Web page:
Lives lost in China mine explosion

CONCERNS about the safety of China’s mining industry have resurfaced after a coal mine explosion in the country’s southwest killed at least 17 people.
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Lauren Barrett

The accident is believed to have occurred in the early hours on Tuesday morning, with Xinhua News Agency reporting that 28 miners were in a shaft when the blast occurred.

Eleven miners managed to escape from the Anping coal mine in China's Guizhou Province, but three later died in hospital.

Initial reports said 13 miners had died from the explosion but the death toll has since risen following the search and recovery effort at the mine.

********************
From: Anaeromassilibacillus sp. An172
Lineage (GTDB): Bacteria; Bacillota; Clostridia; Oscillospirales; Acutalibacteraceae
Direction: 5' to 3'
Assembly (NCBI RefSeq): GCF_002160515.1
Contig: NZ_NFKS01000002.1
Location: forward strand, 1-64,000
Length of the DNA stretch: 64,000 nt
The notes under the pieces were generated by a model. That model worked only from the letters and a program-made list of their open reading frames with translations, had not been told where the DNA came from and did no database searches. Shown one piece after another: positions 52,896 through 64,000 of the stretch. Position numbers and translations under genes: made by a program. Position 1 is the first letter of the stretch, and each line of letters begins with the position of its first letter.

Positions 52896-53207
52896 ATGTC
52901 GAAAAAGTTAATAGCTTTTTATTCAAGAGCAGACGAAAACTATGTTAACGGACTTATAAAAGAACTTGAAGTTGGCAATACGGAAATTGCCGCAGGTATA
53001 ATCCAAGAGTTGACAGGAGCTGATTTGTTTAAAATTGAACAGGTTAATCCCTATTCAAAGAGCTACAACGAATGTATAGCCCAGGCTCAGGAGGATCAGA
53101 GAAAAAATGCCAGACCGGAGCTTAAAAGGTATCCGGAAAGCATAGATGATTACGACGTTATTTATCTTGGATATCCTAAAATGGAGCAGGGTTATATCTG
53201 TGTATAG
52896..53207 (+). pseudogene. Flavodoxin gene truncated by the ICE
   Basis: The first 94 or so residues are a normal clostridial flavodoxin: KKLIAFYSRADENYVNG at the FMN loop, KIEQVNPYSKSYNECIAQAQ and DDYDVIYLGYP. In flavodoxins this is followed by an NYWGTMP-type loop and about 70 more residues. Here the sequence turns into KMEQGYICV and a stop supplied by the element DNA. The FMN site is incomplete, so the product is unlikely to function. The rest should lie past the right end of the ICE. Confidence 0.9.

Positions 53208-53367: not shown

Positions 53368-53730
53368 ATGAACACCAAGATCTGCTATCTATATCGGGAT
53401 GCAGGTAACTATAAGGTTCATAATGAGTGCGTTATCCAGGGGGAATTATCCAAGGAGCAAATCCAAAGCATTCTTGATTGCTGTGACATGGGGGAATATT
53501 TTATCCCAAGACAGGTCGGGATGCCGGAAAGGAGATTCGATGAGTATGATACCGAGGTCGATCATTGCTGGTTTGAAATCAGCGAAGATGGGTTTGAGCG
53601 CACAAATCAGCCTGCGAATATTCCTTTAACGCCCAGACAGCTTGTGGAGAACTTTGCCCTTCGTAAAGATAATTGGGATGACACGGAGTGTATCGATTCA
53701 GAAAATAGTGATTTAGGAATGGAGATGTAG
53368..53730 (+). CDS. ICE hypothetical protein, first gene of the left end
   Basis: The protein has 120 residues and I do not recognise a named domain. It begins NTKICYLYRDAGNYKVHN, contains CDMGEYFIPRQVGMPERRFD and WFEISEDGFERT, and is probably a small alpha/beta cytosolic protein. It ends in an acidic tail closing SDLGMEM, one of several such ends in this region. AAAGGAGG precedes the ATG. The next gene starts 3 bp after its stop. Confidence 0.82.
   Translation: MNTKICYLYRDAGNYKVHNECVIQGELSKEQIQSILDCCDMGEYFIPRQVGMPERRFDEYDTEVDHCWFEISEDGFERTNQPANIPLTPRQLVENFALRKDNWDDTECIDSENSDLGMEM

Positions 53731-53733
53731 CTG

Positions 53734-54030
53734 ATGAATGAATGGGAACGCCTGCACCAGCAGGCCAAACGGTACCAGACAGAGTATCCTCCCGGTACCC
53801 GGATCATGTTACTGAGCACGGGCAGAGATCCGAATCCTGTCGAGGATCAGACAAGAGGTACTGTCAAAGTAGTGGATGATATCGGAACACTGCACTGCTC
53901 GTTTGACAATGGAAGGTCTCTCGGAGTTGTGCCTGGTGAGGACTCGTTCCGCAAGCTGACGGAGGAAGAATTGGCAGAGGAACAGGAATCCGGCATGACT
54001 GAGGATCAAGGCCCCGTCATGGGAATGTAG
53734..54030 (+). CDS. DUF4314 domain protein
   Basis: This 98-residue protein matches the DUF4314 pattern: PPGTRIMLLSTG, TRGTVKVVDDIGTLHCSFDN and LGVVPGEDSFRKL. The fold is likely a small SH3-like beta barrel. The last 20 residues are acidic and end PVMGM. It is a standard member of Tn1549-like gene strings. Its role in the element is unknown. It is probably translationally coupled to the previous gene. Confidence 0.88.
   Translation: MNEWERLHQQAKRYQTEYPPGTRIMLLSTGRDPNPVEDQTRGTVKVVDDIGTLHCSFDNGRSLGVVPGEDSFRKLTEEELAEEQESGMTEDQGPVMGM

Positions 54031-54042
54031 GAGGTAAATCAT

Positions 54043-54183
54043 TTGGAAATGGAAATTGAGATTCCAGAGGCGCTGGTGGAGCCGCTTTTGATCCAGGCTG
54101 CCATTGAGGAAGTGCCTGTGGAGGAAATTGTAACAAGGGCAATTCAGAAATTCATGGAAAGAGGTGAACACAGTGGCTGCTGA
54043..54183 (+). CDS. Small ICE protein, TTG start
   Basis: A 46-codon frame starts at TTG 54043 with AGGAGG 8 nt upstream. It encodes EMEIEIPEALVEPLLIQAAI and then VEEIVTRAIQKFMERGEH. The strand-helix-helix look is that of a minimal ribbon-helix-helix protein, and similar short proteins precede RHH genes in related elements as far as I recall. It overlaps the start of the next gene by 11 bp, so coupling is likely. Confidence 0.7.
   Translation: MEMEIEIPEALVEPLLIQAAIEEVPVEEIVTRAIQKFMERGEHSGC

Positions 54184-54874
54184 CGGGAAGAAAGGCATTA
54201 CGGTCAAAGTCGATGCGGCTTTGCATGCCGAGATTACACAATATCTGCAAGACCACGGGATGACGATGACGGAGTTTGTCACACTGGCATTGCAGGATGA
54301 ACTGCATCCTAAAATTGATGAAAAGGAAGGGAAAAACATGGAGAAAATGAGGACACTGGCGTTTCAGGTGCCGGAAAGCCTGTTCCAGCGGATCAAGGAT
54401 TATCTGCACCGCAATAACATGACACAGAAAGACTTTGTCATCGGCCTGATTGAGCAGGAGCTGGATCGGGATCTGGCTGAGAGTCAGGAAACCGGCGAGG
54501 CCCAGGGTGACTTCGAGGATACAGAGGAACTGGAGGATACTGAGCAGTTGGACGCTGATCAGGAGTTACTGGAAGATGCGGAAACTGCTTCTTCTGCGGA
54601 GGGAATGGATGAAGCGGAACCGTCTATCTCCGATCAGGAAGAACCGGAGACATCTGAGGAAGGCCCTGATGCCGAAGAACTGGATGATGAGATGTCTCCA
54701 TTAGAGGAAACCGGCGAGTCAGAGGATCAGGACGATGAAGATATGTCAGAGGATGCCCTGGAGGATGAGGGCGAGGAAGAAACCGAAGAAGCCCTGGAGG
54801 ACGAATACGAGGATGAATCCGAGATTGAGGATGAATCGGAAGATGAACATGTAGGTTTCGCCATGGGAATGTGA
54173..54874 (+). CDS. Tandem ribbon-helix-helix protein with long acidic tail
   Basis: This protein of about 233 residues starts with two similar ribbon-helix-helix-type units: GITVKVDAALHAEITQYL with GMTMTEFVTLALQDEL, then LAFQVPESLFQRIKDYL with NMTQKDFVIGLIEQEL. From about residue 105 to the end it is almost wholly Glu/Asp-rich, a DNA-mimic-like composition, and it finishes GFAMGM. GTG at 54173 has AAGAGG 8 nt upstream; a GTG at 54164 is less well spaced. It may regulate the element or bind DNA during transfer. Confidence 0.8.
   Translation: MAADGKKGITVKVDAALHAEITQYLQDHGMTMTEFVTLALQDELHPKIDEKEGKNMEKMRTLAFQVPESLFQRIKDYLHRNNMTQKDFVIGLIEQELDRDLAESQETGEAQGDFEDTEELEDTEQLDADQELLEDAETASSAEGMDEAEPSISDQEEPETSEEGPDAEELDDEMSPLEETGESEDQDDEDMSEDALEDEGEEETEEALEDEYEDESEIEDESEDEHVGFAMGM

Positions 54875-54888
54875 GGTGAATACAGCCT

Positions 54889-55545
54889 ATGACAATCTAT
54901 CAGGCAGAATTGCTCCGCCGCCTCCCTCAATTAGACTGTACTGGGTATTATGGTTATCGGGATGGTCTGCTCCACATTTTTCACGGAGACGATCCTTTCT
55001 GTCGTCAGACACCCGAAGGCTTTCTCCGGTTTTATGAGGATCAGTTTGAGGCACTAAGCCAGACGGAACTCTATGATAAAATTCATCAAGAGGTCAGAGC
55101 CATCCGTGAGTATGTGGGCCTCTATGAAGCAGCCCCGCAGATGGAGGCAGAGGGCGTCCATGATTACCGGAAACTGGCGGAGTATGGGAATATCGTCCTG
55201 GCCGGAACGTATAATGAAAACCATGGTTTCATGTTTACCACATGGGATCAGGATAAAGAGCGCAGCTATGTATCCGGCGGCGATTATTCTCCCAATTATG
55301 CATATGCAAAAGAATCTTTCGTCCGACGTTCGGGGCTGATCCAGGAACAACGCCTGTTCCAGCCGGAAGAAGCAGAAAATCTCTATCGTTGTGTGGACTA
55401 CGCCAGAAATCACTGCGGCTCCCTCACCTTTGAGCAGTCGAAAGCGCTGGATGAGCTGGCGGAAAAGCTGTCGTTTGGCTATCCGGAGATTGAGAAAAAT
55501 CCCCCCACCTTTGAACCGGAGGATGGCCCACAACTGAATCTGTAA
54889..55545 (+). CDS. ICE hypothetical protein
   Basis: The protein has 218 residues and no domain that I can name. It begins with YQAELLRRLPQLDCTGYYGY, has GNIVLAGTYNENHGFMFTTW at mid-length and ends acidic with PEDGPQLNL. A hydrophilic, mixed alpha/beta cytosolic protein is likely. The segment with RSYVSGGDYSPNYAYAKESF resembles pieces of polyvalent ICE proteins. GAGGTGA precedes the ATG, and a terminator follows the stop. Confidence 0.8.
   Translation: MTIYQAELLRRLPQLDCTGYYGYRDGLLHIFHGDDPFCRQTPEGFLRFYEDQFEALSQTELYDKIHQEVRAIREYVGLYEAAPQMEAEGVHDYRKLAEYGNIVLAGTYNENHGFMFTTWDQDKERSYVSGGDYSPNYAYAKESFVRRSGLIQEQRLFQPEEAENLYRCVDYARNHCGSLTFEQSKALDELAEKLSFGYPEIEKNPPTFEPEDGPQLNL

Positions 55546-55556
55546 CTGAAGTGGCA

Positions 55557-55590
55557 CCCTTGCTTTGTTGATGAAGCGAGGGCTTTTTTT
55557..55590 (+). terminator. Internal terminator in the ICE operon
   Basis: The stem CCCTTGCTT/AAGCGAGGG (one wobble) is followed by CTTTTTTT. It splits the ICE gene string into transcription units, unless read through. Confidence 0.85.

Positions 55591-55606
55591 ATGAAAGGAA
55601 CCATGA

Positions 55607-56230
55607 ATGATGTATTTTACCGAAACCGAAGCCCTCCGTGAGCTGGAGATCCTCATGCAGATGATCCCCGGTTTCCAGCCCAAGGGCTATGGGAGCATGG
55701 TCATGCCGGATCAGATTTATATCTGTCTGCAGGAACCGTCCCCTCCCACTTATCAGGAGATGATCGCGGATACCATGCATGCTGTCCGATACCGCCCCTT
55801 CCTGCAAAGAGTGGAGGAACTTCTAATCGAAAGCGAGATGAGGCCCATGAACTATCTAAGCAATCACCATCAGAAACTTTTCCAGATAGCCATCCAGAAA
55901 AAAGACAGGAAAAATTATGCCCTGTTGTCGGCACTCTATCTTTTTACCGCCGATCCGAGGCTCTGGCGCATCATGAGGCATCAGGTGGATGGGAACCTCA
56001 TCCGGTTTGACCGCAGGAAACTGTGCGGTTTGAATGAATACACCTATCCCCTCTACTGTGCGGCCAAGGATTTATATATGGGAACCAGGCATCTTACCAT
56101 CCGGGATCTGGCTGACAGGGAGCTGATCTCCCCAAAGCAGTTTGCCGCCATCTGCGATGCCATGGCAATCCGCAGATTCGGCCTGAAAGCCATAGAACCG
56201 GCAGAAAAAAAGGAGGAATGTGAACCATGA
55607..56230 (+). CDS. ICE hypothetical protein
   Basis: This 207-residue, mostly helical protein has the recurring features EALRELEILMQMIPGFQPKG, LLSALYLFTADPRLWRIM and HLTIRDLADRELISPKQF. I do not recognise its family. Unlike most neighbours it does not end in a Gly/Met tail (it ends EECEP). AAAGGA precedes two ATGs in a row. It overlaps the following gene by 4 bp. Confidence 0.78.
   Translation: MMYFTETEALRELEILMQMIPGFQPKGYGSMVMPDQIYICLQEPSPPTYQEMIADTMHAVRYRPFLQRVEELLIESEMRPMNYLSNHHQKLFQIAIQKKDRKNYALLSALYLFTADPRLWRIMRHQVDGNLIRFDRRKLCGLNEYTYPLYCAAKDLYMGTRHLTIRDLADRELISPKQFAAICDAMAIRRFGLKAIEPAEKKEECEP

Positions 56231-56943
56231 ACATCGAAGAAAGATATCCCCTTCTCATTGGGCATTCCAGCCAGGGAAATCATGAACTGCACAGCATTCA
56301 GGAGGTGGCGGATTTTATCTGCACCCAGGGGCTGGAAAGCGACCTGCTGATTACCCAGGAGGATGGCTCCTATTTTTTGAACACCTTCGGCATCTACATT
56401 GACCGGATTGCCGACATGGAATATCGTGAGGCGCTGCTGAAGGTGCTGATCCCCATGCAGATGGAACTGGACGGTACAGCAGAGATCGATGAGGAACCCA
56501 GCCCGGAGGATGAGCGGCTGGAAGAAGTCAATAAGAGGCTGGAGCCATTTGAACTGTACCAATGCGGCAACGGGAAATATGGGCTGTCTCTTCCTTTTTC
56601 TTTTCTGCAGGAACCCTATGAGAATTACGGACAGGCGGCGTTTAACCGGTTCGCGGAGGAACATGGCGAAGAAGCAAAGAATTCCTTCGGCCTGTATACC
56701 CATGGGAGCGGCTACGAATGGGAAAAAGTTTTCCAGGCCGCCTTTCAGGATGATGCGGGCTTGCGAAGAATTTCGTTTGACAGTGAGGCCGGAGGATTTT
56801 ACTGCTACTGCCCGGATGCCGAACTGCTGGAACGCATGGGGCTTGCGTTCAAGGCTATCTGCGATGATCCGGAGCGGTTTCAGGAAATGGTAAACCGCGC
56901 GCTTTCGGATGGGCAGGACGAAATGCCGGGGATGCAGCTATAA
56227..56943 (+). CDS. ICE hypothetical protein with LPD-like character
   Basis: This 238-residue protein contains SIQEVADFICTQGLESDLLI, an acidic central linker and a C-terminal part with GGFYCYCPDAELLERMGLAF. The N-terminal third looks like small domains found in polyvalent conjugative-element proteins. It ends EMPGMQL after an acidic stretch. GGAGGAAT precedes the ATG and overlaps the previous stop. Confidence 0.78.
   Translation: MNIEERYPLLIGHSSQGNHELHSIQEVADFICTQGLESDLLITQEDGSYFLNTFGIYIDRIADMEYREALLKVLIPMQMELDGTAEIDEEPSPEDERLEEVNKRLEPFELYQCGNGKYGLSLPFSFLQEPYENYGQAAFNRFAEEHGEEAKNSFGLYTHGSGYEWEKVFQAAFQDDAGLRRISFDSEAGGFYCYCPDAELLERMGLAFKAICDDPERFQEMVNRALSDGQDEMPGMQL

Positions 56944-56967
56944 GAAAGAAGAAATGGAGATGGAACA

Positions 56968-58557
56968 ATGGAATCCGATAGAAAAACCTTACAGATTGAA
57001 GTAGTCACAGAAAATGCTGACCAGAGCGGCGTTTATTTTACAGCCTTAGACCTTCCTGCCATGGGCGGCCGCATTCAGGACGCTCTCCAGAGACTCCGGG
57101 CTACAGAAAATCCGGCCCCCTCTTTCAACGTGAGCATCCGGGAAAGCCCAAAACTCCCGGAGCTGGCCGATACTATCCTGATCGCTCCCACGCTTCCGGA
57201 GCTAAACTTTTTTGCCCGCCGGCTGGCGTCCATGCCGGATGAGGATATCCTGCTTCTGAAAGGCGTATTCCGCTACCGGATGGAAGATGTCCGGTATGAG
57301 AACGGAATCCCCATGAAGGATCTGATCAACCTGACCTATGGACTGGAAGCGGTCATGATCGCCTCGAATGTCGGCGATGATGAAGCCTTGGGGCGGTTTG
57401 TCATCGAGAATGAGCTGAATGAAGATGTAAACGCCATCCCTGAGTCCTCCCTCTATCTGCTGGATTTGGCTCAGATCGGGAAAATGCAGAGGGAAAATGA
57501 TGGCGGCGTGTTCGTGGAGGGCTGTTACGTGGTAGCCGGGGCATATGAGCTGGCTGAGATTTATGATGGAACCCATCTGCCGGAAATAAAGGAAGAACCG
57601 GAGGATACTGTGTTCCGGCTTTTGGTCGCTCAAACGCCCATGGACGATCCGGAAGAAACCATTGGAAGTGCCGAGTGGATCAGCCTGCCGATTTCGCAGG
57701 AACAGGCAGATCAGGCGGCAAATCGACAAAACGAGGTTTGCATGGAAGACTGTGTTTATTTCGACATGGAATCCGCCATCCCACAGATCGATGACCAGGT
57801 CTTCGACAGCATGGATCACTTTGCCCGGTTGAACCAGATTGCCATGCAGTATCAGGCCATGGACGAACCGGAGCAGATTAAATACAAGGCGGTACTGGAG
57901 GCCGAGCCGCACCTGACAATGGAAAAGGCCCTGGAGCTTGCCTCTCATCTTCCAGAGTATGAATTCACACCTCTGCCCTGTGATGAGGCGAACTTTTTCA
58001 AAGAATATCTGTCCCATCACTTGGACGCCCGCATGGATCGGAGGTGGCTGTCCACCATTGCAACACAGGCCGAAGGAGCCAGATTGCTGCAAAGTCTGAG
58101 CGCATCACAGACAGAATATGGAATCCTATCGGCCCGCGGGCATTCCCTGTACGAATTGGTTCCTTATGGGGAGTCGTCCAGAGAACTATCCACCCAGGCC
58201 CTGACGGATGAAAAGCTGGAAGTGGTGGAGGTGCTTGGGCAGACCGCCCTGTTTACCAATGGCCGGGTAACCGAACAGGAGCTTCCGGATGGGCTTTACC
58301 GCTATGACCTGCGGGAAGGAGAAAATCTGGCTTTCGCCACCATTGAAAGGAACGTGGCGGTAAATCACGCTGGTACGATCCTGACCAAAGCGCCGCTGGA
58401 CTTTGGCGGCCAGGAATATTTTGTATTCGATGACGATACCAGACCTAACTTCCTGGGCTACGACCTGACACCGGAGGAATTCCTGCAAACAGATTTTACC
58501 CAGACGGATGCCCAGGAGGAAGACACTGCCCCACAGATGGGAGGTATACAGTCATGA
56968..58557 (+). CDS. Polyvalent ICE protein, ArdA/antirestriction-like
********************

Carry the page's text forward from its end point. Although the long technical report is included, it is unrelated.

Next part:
A cause for the blast has not yet been identified but an investigation into the incident is underway, said Xinhua News Agency.

China’s coal mines remain the most dangerous in the world, despite a recent government crackdown on illegal mines.

According to figures obtained from the State Administration of Coal Mine Safety, 2433 miners were killed in coal mine accidents in China in 2010, while Xinhua news service said there had been 512 coal mine incidents in China this year as of June 2011.

Ten Chinese miners were recently killed after a flooding accident occurred in an underground coal mine, which forced China National Coal Group to cease all of its operations in Shanxi Province.

Two of its mines have since been allowed to reopen.

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